Now that we are knee-deep in another election year, the rhetoric of abortion rights and wrongs is being mouthed by the candidates and their attendant talking heads. And again the "debate" takes on the sound of a Jerry Springer show or big-time wrestling--polarized, bombastic, cartoonish, sad--as we are pulled and pushed into the warring camps of the pro-This or pro-Thaters.

I have a daughter and three sons. I'm in favor of Life, in favor of Choice. Life is not easy. Neither is Choice. My daughter and sons are biologically prepared and equipped for reproduction. Here are their choices as I see them: Each can choose whether or not, with whom, and where, when, and why, to be sexually active. They can choose how much or how little meaning sex has, how much or how little of themselves to invest. They can choose what if any precaution to take against an unplanned pregnancy. But should such preventions fail--if they impregnate or are impregnated--the available choices, up till now commensurate, diverge according to gender lines.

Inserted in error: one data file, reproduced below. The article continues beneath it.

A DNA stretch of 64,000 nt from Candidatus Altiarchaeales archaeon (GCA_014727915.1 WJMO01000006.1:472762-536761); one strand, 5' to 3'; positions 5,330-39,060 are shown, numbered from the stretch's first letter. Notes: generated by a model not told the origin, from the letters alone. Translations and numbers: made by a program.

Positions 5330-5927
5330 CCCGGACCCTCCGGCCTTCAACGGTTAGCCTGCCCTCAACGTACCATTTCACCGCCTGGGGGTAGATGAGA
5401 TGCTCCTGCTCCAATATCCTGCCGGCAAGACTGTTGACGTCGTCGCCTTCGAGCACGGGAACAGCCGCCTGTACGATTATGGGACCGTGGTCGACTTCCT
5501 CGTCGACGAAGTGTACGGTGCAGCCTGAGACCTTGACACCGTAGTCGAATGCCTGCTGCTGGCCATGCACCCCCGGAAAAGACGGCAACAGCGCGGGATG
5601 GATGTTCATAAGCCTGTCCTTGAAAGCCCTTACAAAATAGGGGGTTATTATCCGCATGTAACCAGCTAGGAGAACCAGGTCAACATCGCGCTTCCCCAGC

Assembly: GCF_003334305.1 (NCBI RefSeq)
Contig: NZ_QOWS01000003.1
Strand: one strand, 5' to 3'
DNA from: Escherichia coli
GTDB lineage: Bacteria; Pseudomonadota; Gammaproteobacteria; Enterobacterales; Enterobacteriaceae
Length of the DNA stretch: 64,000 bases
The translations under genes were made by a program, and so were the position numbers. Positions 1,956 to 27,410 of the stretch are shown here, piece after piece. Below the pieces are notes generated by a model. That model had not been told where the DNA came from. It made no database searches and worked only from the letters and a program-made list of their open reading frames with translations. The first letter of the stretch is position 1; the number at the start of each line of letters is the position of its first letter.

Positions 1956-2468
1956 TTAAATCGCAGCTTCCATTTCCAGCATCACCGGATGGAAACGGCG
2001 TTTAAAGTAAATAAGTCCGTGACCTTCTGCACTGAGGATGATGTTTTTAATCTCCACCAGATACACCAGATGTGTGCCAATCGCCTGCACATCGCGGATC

If reproductive choice--the choice as to when one is ready, willing and able to parent--is a good thing, wouldn't it be good for my sons as well?

My daughter may choose to have the baby with or without the consent, cooperation, or co-parenting of the fellow (shall we call him the father now?) who impregnated her. Or she may choose, in light of her life's circumstances, to avail herself of what the courts have declared is her constitutionally guaranteed right to a safe and legal medical procedure that terminates her pregnancy, voids her maternity, aborts the viability of whatever it is inside her womb. No permission or approval is necessary beyond her willingness to exercise her choice. Whatever discomfort--moral or personal or maternal--she might feel does nothing to change the fact that she has acted within her constitutional rights. A pregnancy that resulted from bilateralconsent is legally undone by unilateral choice.

If we uphold my daughter's choice in the matter, we are said to be pro-choice. If we consider the contents of her womb to have a life and interest of its own and that my daughter's choices end where those interests begin, we are said to be pro-life. Either way, we get to choose which team we're on, which side we take, which sign to carry in the endless debate.